Rising tensions: Foxconn to be fined by Taiwan over investment in China
Apple supplier Foxconn is expected to be fined by the Taiwanese government for an unauthorised investment in China, as tensions between the two states continue to build.
Foxconn, the world’s largest maker of contract electronics, had bought a stake in Chinese chip giant Tsinghua Unigroup in July, which went against new rules imposed in Taiwan.
However, Foxconn confirmed on Friday that it had agreed to sell its stake in the group.
The Taiwanese government imposed new rules which curb investment flows into China earlier this year, forcing local businesses to have all foreign investments approved by the economy ministry.
On Saturday, Taiwan’s economy ministry said it will ask Foxconn on Monday for a “complete explanation” regarding the investment.
“As for the fact that the investment was not declared beforehand, the amount will still be calculated in accordance with the formula and the penalty will be imposed in accordance with the law,” it wrote.
Prior to the ministry’s statement, Foxconn said the investment had “remained unfinalised”, after it had been reported the electronics supplier had failed to seek approval from the government.
Foxconn, which builds Apple’s iPhones, said it had agreed to sell its stake to Chinese firm Yantai Haixiu for $772m (£593.7m) on Friday.
In a statement, Foxconn told City A.M.: “Previously, based on financial investment considerations, Foxconn Industrial Internet Co Ltd invested indirectly in Tsinghua Unigroup via its unit Xingwei Fund. The fund invested in Shengyue Guangzhou, which in turn invested in Beijing Zhiguangxin, the controlling shareholder of Tsinghua Unigroup.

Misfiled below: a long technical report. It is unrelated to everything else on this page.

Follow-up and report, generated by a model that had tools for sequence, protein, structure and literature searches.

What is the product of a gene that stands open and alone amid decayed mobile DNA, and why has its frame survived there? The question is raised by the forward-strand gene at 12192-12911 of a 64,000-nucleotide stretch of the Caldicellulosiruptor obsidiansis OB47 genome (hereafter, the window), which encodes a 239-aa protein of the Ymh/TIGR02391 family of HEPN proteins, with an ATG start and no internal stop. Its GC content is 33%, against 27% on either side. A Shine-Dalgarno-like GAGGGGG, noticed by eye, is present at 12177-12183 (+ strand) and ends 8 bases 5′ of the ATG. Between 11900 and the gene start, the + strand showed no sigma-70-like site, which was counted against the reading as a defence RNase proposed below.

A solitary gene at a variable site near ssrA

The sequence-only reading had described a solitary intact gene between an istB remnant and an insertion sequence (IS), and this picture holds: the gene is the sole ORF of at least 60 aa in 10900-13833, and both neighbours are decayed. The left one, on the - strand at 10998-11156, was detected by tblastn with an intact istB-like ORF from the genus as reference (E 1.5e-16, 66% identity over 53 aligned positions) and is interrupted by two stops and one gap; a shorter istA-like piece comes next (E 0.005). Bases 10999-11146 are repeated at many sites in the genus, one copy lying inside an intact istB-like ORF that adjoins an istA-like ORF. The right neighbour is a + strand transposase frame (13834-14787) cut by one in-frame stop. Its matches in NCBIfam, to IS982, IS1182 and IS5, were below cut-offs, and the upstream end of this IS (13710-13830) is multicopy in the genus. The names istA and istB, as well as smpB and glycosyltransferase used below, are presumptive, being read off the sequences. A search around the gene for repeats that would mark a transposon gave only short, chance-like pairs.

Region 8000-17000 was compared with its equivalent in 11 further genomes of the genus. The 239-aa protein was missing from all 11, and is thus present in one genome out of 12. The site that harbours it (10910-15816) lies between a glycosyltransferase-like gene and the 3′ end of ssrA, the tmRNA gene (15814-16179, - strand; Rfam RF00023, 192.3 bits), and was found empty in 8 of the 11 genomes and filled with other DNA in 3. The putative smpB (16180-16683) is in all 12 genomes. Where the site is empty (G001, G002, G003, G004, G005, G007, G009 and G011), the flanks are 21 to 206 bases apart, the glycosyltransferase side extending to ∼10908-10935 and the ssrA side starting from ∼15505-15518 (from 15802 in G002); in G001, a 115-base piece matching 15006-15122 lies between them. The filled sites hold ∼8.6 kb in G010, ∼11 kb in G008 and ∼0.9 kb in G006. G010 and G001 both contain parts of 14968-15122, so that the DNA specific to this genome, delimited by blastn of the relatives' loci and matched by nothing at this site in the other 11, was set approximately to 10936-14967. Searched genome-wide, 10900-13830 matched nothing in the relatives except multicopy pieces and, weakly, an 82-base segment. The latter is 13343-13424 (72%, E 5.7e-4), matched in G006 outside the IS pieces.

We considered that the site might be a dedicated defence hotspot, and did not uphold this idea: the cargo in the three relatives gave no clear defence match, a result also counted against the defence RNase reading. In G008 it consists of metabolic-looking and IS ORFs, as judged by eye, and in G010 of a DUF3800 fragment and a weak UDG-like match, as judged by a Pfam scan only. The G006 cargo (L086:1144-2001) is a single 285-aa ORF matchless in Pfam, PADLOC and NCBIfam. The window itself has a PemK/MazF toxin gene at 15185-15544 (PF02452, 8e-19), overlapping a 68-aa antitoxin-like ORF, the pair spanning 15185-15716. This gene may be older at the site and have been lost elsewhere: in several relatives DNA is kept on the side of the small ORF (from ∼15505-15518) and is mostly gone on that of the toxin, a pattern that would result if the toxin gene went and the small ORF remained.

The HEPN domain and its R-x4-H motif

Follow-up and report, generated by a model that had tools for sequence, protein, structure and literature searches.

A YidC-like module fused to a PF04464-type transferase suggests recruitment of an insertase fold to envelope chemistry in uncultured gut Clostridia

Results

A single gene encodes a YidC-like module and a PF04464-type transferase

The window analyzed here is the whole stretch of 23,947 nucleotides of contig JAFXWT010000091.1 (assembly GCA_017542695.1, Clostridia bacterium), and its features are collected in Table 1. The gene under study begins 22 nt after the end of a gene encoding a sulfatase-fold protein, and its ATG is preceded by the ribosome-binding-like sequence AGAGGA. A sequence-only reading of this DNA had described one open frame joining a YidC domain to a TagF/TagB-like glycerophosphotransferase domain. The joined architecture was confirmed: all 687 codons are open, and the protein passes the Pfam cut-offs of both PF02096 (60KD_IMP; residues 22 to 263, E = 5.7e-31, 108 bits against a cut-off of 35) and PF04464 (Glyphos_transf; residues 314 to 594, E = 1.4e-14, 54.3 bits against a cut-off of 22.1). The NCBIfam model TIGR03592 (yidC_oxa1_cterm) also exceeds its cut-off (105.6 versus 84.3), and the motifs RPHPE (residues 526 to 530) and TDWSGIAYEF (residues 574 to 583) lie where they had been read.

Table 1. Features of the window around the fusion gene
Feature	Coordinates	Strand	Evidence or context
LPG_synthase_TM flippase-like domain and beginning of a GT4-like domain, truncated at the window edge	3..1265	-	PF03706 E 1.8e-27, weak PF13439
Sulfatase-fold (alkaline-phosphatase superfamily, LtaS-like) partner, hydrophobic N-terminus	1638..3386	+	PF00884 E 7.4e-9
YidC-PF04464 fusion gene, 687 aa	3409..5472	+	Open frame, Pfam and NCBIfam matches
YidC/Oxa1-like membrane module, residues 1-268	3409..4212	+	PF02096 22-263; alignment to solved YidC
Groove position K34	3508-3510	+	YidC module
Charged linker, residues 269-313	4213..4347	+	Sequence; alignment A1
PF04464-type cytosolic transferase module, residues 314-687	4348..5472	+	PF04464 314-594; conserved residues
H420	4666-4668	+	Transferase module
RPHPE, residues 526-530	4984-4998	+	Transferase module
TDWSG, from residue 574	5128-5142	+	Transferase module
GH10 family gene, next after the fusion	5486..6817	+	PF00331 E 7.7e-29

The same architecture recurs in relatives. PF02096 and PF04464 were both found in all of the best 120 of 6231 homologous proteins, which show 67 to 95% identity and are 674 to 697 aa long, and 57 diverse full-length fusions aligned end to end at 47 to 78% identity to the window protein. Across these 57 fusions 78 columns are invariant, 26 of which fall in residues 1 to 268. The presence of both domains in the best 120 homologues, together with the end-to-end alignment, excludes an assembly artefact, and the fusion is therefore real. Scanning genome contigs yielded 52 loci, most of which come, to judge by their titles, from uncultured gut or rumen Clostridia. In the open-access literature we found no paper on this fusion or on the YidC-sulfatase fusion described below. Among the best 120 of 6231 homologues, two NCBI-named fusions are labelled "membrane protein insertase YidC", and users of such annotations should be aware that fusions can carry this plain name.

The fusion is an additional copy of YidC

“With the approach of year end, the process remained unfinalised. In order to avoid uncertainties from further delays or impact to investment planning and the flexible deployment of capital, the Xingwei Fund will transfer its entire holding in Shengyue Guangzhou to Yantai Haixiu. After the transfer is completed, FII will no longer indirectly hold any equity in Tsinghua Unigroup.”
Taiwan has been particularly cautious on investment into the country, mirroring hawkish new curbs introduced by the US earlier this year which restrict China’s access to advanced technology with militaristic applications.
The UK has also sought to stamp out internal Chinese investment, with the national security review of the Chinese-backed takeover of the UK’s largest chipmaker Newport Wafer being the most notable so far. The takeover is set to be abandoned.
Tsinghua Ungroup could not be immediately reached for comment.